This past January, 10-year-old Brianna Thomas complained of a sore neck. Her mother, Davena Thomas, did what any Dr. Mom would — administered a couple Tylenol and expected things to clear up.
Unfortunately, the next morning, things had only worsened. Brianna was still aching, and two lymph nodes on her neck that had once looked like peanuts appeared to have grown even larger. The morning after, they were bigger still.
Thomas scheduled an appointment with Brianna’s primary care pediatrician at Rochester GeneralHospital. There, repeated blood-tests coupled with sudden swelling around Brianna’s face prompted her pediatrician to refer her to Golisano Children’s Hospital at Strong.
"I wouldn’t have wanted to fight this at any other place. At Golisano Children’s Hospital, they treat Brianna the way I would."
Pediatric oncologist David N. Korones, M.D., conducted more tests and officially diagnosed Brianna with acute lymphocytic leukemia, or ALL, a type of pediatric cancer stemming from a “genetic injury” to the DNA of a single bone marrow cell. Brianna was immediately scheduled for the installation of a Broviac catheter, through which she would be administered a strong, 21-day schedule of chemotherapy, followed by a 2-year program that operated on a three-week cycle: two Thursdays of out-patient shots, followed by one Thursday of an extensive 24-hour chemotherapy treatment.
“She’s my Mother Theresa,” Thomas said. “And I wouldn’t have wanted to fight this at any other place. At Golisano Children’s Hospital, they treat Brianna the way I would.”
And she’s winning her fight. Brianna’s prognosis is sunny, thanks to the research of the hospital’s pediatric oncologists and the work of others across the country.
“This once fatal disease is now very curable — in fact, the majority of children with T-cell ALL are cured,” Korones said, adding that when he says “cure,” he doesn’t just mean remission — he mean it’s gone and never coming back.
Still, there’s one more twist to the story.
Back in April of 2005, Thomas herself was diagnosed with breast cancer, but was not “at peace” with the idea of pursuing an aggressive chemotherapy treatment.
But a recent reoccurrence of her cancer this past March coupled with the trail-blazing bravery of her daughter, changed that. Thomas was finally ready to fight. She recently began treatment that included the surgical removal of her tumor and a 16-week bi-weekly regimen of especially potent chemotherapy.
“I like to think that my initial cancer, back last April, has prepared me for news of Brianna’s,” Thomas said. “And her courage, in turn, has put me at peace with the chemotherapy I’m now undergoing myself.”
Thomas says their family – Brianna’s twin sister, Arianna, their older sister, 14-year-old, Kristen, along with their father, Ricky —is all able to discuss the cancer openly, inside and outside the home.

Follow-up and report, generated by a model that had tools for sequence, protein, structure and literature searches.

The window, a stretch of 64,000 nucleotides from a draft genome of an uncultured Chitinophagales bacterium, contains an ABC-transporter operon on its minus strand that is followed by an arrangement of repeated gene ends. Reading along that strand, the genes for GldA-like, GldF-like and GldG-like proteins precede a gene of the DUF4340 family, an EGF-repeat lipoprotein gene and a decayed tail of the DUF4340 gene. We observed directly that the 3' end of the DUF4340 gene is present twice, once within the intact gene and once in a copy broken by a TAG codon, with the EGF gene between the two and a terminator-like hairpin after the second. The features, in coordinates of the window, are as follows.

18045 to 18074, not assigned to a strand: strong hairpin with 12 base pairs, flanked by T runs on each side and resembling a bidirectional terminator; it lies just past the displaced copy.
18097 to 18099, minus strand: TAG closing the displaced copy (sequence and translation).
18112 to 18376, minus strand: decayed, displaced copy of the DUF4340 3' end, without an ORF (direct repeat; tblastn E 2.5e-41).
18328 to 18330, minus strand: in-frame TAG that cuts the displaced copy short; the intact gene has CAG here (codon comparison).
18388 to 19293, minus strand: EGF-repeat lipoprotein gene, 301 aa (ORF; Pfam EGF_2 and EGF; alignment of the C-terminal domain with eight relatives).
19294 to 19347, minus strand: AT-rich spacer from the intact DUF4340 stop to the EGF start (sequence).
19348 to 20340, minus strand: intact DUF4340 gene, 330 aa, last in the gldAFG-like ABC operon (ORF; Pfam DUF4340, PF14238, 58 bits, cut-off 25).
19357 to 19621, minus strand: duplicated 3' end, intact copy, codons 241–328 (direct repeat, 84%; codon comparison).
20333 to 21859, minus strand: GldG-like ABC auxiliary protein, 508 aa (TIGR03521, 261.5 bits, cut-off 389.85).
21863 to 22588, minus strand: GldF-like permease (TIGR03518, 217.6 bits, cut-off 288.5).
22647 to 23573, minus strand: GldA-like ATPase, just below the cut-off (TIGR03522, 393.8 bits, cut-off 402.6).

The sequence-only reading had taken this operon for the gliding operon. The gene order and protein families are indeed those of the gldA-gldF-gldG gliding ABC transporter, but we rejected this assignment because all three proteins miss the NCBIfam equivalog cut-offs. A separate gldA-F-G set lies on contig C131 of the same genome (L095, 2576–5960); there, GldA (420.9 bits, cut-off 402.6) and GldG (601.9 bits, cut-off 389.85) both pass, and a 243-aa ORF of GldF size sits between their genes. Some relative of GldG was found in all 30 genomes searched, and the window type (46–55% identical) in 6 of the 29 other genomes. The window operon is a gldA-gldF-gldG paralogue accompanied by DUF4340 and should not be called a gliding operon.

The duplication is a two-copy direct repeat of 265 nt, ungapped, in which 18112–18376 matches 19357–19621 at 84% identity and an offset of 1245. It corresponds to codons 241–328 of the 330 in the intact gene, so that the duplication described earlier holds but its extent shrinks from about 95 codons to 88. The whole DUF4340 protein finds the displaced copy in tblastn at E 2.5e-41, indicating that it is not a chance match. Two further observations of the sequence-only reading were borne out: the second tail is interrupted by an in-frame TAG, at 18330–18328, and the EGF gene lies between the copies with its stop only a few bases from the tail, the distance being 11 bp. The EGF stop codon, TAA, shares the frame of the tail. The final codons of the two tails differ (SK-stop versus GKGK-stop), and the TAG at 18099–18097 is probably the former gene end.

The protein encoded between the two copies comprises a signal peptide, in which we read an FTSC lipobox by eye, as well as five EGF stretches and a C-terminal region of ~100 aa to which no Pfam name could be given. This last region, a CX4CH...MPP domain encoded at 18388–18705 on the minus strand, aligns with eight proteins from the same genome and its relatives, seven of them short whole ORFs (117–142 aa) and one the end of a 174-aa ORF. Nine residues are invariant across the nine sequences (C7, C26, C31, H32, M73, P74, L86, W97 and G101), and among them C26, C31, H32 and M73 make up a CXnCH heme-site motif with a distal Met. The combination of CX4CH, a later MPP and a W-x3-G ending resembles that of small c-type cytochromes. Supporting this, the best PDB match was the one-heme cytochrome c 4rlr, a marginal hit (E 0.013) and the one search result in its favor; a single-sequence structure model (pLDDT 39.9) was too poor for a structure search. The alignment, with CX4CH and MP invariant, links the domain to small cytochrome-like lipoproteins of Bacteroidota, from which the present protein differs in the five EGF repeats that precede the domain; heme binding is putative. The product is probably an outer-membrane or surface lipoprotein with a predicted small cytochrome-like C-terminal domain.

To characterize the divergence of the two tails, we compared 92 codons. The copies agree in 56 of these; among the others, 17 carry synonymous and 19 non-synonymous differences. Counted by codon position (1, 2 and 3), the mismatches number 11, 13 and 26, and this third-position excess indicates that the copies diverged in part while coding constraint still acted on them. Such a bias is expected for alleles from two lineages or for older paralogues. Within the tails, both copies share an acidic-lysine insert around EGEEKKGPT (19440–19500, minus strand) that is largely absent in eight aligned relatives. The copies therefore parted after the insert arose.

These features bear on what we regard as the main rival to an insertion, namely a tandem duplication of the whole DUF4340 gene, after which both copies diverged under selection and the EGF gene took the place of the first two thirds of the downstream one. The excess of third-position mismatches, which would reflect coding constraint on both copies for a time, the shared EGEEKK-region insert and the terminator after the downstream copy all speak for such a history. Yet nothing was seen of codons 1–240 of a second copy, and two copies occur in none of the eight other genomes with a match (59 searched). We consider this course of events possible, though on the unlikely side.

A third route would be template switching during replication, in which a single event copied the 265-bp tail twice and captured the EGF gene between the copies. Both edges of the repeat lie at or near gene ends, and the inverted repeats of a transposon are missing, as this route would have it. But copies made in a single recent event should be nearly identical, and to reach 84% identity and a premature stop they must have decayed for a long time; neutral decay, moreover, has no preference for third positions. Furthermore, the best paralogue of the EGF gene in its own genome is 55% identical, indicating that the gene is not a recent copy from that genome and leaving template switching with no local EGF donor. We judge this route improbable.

In fact, Brianna’s adjustment back to her fourth-grade classroom happened as seamlessly as possible because of this candor; with the Thomas’ blessing, a hospital-school liaison spoke with the class, educating them about Brianna’s cancer and preparing them for Brianna’s return.
At present, Brianna is on top of her studies, thanks to an in-hospital tutor, and is thriving despite fighting cancer. She plays basketball, keeps up with the rest of the kids in gym class, and enjoys writing, math, and most recently, internet word games. When she needs a break from such sporty and academic ventures, she has fun gussying herself up, hanging out with her sisters and a playing a good round of Sony Play Station.
Miracle Weekend festivities
Cheering on kids like Brianna is just part of the celebration planned year’s Miracle Weekend, to be held Friday and Saturday, June 2 and 3. The weekend includes two time-honored fund-raising events to support the hospital — the 23rd Annual CMN telethon and 10th Annual Stroll for Strong Kids — plus a few mix-ins that will make this year’s festivities better than ever.
Children’s Miracle Network Telethon
This year’s telethon, produced by 10NBC and broadcast from the Strong Memorial Hospital Lobby from 8 to 11 p.m. on Friday, June 2, and on Saturday, June 3, will bring inspirational stories from Golisano Children’s Hospital’s five Miracle Kids. Among them you’ll hear one newborn’s fight to survive 13 shunt surgeries, a teenager whose arm was successfully reattached, and a young boy’s battle to survive a house explosion.
During the event, you can help the hospital by phoning in gifts at (585) 241-KIDS.
Stroll for Strong Kids
This year’s 10th Annual Stroll for Strong Kids offers plenty of family fun, including clowns, inflatable toys, raffles, door prizes, free lunch courtesy of Subway and a concert by Gary the Happy Pirate.
What’s more — if you can keep a secret – the hospital is throwing a surprise party for loveable mascot, Sandy Strong, during the scenic 2-mile walk through GeneseeValleyPark in Rochester. Expect more than 26 sheet cakes and one super-chorus of “Happy Birthday” at the starting line.